Can TraderMoni avoid becoming a waste of money?

Oct 18, 2018|Bayo Owolabi

With reports crowning Nigeria as the poverty capital of the world, any scheme with the objective of reducing poverty is worthy of evaluation beyond the dichotomy of “yet another waste of money” or unbridled praise. 

One such project is the TraderMoni scheme launched by the Nigerian government under its Government Enterprise and Empowerment Programme (GEEP). 

You may know it as the ₦10,000 loan program for SMEs that sparked equal ridicule and praise. 

But TraderMoni is much more; by providing collateral and interest-free microcredit access to Nigerians involved in petty trade, TraderMoni is expected to improve the incomes of the beneficiaries through the scaling up of their businesses. 

Conceived as a five-step loan from an initial ₦10,000 through to a final loan size of ₦100,000, beneficiaries graduate as they successfully repay loans.

Microcredit dates back to at least 1983 with the Nobel Prize-awarded Grameen Bank and now accounts for over 100 million customers and $100 billion in loans globally. 

The good news for Nigeria is that 30 years of experience should give us an idea of whether schemes like TraderMoni work. The bad news is that the evidence is not clear-cut; you could justifiably argue for or against the effectiveness of microcredit schemes in battling poverty.

One notable meta-analysis of microcredit studies published by the World Economic Forum (WEF) in 2015 pooled data from seven studies that incorporated randomised microcredit trials. The WEF found that while microcredit helped households navigate difficult times and didn’t have any systematic harmful effects, it simply, on the average does not lift people out of poverty over both the short and long-term. 

In effect, we can justifiably conclude that microcredit schemes like TraderMoni probably don’t solve poverty.

But why would TraderMoni fail to tackle poverty? 

Well, recipients may just not be good entrepreneurs, and giving them more capital does not change that. Also, some of the credit given could be diverted towards financing consumption. Meaning that even if the loan is eventually repaid, there may be no lasting improvement for that entrepreneur.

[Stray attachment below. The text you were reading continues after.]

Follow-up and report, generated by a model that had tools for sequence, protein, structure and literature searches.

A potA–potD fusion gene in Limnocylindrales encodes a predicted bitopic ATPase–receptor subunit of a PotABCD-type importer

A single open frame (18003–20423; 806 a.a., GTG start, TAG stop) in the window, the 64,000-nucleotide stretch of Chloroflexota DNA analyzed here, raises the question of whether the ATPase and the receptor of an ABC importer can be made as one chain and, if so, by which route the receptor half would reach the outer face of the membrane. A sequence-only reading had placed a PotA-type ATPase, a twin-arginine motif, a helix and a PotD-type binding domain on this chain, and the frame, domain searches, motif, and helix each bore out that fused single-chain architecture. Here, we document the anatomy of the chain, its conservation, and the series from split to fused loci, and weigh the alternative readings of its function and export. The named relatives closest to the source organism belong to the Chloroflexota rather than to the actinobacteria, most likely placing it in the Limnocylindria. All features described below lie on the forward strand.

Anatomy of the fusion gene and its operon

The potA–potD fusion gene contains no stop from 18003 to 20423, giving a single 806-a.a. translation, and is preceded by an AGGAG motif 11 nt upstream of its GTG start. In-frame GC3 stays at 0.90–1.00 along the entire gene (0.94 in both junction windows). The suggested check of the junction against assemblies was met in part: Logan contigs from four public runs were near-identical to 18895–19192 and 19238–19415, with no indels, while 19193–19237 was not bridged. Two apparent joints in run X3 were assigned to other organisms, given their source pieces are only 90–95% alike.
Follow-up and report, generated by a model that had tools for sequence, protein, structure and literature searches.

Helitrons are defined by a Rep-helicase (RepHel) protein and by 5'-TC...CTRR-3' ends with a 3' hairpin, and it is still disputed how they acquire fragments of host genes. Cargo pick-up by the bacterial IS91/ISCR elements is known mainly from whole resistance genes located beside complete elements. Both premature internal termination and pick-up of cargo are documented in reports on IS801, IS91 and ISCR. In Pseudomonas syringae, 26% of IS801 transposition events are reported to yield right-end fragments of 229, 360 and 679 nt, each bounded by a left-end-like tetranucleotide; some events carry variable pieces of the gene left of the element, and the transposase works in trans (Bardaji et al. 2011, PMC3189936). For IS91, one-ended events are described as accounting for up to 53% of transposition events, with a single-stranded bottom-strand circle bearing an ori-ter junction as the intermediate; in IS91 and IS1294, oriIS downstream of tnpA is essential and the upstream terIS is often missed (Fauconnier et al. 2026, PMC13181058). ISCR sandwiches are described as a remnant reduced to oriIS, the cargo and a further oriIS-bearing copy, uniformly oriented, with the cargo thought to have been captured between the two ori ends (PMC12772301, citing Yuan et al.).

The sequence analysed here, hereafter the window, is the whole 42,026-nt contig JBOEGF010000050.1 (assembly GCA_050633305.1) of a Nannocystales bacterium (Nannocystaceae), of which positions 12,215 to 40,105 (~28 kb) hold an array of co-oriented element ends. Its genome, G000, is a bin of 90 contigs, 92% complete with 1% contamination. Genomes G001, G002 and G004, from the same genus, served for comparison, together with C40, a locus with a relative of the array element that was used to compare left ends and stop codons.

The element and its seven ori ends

Even with the TraderMoni scheme standing on shaky ground, the government is nonetheless committed to running the project. Our focus should then be on getting as much bang as we can for the government’s buck, and one way we can do that is by leveraging on the data generated from TraderMoni.

Spurred on by the ambition to boost financial inclusion in Africa, Fintech companies are trawling through all sorts of user data to develop proxies for traditional credit scores which are missing in Nigeria. 

TraderMoni could play a significant role here as the Federal Government plans to reach two million traders within the next year, giving us a unique opportunity to get data on loan performance across the country. This is a treasure trove from which not only specific inferences can be made about the beneficiaries (user specific), but also broader deductions about that target demographic (population).

Data geeks would recognise that there may be some weaknesses in the dataset, e.g. to make better population inferences, some randomisation should have been built into the allocation of the loans. 

Nonetheless, the data quality here is still likelier to be much higher than what is available to individual startups at the moment, in addition to being at a much larger scale.

How exactly would this work?

The government would need to grant access to the collected data to private parties, possibly in exchange for a fee. One way it could do this is by selling anonymised data for the full loan portfolio to companies interested in population-based inferences. 

By anonymising the data, privacy concerns from the individuals are eliminated, while still allowing companies to progress with applications like new credit scoring models or customer archetypes that can form the basis for new financial products. 

Alternatively, traders can opt to make their data available to financial institutions as part of the process of signing up for new services, e.g. by disclosing their BVN as they graduate from smaller to larger loans.

Partnering with the private sector can produce other benefits. Beyond enabling private firms to create credit-scoring systems to unlock lending in Nigeria, high-quality TraderMoni loans can be securitised (bundled) together and sold to private investors. 

The funds raised from this can either be returned to the government’s coffers—therefore removing the default risk from the government’s account—or reinvested into the scheme in the form of new loans. In all these cases, the ensuing business transactions become part of a multiplier effect from the initial government investment in TraderMoni.

These discussions around disclosing data and securitising loans show the potential even a simple scheme like TraderMoni holds, as long as the government is willing to cede its perceived monopoly over poverty-tackling initiatives and work more with the private sector. 

This type of entrepreneurial state action (in addition to large-scale improvements in infrastructure) will be required for Nigeria to avoid the dismal prediction of being home to the largest number of poor people in the world by 2050.

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